These experiments suggest that chronic undernutrition in the rat, at least, not only retards the deposition of myelin and its maturation, but the membrane formed is metabolically unstable. Destruction of myelin is characteristic of demyelinating diseases, such as multiple sclerosis (MS). White matter from the brain of an individual with MS contains a greater than normal proportion of cholesterol esters and consequently has a high cholesterol ester: cholesterol ratio. A similarly elevated ratio has been found in the brains of children dying of PEM (Fig. 3.5). Could it be that it is the result of the instability of the myelin and consequent demyelination rather than simply myelin immaturity as suggested earlier?


Malnutrition and synaptic development

Each of the 10 11 neurones in the adult human brain consists of a cell body surrounded by a network of delicate tube-like extensions, the dendrites, which provide the main physical surface on which the neurone receives incoming signals. The axon, usually thinner and longer than the dendrites, extends away from the cell body and provides the pathway over which signals can travel from the cell body to other parts of the brain. Information is transferred from one cell to another at specialized points of contact, the synapses (Fig. 3.6). A typical neurone may have from 1000 to 10000 synapses and receive information from something like 1000 more (Stevens, 1979).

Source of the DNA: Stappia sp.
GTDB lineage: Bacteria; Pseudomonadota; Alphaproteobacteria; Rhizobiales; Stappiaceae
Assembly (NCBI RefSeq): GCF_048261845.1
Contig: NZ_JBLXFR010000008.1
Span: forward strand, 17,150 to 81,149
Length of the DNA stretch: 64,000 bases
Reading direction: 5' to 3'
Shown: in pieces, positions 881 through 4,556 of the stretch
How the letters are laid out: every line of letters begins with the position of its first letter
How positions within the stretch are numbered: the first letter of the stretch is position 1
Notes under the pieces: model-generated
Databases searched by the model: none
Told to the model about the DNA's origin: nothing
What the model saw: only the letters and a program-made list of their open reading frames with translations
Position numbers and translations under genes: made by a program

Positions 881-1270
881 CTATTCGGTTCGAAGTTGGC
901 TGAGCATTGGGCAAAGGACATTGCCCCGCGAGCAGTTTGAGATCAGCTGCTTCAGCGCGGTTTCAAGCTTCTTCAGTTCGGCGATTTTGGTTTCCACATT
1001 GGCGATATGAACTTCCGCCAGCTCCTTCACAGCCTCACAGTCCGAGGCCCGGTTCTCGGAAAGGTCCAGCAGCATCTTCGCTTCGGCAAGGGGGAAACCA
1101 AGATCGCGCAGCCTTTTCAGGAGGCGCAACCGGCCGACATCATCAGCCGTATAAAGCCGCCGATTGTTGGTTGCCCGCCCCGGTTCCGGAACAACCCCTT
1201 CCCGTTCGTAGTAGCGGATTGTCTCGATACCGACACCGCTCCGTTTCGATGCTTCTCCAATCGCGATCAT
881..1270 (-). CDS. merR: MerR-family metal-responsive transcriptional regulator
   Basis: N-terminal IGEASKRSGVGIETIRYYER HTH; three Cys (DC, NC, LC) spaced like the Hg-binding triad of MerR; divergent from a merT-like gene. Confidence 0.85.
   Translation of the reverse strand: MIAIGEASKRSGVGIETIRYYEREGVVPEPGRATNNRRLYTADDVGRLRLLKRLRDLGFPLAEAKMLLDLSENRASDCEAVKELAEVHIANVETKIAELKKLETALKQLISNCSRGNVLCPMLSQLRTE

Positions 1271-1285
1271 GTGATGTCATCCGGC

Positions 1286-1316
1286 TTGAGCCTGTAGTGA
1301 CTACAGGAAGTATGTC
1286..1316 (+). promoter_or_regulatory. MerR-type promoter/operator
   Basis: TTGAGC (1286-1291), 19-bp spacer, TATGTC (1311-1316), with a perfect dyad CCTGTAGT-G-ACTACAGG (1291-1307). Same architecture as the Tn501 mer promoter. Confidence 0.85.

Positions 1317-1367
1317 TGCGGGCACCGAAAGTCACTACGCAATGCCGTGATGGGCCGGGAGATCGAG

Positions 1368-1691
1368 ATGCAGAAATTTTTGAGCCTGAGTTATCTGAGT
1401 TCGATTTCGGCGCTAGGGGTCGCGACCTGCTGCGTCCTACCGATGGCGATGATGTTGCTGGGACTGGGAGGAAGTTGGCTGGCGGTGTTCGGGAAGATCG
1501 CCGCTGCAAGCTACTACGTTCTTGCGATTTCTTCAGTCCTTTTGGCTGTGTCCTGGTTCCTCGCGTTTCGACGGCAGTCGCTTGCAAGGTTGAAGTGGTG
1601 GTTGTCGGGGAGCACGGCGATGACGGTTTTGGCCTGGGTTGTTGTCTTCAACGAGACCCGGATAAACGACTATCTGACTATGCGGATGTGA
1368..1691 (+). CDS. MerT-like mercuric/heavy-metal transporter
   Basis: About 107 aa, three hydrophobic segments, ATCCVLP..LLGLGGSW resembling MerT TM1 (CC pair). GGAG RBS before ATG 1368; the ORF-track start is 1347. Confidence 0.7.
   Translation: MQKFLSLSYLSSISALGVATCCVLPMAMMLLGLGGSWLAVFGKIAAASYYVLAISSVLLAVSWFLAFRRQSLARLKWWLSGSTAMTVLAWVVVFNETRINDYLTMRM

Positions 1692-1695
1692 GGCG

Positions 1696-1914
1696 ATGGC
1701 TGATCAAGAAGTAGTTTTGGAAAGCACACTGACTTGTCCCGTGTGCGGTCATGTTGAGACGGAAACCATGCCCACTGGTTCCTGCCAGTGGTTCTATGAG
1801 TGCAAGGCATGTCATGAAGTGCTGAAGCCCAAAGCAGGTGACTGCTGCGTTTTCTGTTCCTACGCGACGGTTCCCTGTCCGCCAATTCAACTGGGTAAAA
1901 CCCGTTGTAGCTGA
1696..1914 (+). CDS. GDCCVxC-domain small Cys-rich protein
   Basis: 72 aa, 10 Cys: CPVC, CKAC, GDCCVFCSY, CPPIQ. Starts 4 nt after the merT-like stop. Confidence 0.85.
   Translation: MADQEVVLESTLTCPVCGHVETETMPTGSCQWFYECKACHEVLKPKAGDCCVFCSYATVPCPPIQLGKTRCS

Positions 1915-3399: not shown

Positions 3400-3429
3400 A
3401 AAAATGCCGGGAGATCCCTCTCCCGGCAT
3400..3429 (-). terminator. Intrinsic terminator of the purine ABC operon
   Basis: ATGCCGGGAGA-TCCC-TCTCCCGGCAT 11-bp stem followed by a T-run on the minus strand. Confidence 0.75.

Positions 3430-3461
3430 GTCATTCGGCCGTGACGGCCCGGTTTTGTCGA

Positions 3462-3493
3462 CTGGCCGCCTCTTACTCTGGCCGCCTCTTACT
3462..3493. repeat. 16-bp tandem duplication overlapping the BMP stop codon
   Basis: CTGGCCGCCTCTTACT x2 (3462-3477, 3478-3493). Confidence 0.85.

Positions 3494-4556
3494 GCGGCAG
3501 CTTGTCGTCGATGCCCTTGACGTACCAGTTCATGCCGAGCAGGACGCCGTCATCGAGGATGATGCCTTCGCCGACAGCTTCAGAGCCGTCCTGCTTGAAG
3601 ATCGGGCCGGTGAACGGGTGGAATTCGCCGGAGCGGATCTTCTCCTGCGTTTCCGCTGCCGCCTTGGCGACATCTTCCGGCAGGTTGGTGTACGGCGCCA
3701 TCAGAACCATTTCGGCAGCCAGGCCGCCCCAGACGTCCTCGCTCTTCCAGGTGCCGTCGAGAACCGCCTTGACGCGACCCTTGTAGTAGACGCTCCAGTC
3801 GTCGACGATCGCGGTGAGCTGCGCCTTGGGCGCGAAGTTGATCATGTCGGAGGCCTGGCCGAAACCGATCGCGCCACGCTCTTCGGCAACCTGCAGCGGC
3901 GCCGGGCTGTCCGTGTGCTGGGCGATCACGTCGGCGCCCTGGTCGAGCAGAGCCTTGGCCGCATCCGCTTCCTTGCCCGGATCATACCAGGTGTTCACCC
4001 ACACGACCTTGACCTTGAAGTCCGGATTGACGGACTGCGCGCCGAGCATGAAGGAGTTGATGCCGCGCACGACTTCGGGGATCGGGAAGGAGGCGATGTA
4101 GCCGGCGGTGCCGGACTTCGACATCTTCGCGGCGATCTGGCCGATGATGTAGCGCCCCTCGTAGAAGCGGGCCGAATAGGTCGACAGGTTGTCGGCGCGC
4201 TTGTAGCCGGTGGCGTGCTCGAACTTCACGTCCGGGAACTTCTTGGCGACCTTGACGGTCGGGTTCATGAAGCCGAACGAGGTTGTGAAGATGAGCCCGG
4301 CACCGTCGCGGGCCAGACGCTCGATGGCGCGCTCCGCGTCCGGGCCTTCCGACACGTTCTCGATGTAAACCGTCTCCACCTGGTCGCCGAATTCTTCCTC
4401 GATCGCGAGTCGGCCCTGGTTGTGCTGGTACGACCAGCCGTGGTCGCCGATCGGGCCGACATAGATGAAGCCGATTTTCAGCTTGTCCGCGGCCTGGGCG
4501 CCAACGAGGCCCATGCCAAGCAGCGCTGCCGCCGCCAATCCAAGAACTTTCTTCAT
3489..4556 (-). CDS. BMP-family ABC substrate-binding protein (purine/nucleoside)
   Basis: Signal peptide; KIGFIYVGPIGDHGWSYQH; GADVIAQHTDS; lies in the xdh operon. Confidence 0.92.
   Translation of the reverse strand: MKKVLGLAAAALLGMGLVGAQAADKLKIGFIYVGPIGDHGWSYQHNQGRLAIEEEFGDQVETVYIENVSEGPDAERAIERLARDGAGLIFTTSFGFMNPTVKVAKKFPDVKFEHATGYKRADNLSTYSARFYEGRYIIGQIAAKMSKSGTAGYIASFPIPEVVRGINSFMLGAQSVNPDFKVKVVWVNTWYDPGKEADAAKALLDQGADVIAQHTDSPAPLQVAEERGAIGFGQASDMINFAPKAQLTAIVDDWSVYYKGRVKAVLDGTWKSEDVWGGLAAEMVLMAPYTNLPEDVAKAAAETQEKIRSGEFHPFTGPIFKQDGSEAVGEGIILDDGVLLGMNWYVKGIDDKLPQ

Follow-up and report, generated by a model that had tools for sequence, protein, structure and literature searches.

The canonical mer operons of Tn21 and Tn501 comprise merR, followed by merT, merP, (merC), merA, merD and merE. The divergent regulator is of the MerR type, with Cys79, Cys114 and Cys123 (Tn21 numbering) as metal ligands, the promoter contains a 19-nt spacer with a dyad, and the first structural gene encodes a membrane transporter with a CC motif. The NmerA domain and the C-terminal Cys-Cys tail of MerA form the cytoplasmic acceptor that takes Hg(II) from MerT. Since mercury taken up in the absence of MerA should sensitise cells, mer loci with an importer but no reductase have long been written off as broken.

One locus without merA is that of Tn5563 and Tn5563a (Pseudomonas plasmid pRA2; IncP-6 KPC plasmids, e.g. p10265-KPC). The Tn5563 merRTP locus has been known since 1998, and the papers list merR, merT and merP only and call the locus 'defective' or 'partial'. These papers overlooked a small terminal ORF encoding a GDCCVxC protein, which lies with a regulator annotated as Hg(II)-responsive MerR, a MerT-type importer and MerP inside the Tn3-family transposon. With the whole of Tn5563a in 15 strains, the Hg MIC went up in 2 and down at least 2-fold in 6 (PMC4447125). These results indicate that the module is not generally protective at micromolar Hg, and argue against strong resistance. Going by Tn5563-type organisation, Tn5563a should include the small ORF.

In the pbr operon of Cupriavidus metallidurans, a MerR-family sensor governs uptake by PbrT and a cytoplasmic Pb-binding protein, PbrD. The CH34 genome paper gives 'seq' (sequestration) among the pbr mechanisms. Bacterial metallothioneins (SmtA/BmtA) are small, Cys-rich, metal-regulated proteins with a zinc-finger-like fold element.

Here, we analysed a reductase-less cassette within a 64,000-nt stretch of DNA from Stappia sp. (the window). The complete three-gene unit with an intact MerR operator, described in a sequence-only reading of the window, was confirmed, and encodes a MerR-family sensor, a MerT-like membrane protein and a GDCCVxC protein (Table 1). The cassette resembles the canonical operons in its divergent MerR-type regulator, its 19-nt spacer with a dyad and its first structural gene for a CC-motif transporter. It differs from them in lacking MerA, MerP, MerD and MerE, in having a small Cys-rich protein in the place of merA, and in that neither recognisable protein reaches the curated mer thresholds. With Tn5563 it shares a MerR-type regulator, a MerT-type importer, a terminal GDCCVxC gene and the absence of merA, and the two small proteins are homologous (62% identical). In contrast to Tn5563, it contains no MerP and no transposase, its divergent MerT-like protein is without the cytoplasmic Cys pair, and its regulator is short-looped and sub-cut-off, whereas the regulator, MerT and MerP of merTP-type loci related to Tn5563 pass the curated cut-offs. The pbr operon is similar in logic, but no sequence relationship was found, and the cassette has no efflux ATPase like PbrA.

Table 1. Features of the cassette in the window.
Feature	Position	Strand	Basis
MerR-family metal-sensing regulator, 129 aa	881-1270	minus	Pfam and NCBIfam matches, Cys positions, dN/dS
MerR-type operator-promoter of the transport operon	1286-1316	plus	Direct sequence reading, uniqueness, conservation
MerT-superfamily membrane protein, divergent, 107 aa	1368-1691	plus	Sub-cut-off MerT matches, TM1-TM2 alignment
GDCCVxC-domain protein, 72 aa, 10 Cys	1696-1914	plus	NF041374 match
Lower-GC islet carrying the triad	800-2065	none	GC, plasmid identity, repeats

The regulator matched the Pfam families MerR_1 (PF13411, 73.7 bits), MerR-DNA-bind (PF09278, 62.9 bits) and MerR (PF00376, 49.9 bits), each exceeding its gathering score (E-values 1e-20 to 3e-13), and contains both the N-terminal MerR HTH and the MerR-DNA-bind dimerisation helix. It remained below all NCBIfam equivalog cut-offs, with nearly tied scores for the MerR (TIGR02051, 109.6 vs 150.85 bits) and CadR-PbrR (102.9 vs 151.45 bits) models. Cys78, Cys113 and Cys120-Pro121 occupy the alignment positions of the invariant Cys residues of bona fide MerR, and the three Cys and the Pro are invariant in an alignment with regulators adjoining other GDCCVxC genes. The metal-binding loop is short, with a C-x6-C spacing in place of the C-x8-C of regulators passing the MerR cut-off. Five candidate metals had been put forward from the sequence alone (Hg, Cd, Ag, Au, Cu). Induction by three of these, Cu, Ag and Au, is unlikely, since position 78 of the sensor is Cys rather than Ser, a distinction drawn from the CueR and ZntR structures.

The transfer of information across the synapses is accomplished by a chemical transmitter which is synthesized and stored in vesicles within the synaptosome (Fig. 3.6). Passage of an impulse involves the release of the transmitter at the presynaptic membrane into the synaptic cleft and its subsequent inactivation at the postsynaptic membrane. A number of substances have been identified as transmitters. These include acetylcholine (Ach), serotonin (5-HT) and norepinephrine (NE). Histamine and certain amino acids (e.g. glutamic acid and y-aminobutyric acid (GABA)) also function as transmitters. Certain parts of the brain are rich in synapses containing particular transmitters.

It is clear that the development of the information system within the brain involves not only the structural basis for the retention and transfer of information—neurones, dendrites and axons, but also the enzyme systems involved in the synthesis and degradation of the chemical transmitters.



When we consider the growth of the structural components—the dendrites, axons and associated synapses—it must be said that we know very little of a quantitative nature about the timing of these processes. Such information as there is in man has been gained by the use of staining techniques, the Golgi method or a variant of it, which are in themselves fickle and make possible little more than a crude comparison. Probably all that can be said at present is that the process of dendritic arborization is predominantly postnatal (Dobbing, 1981).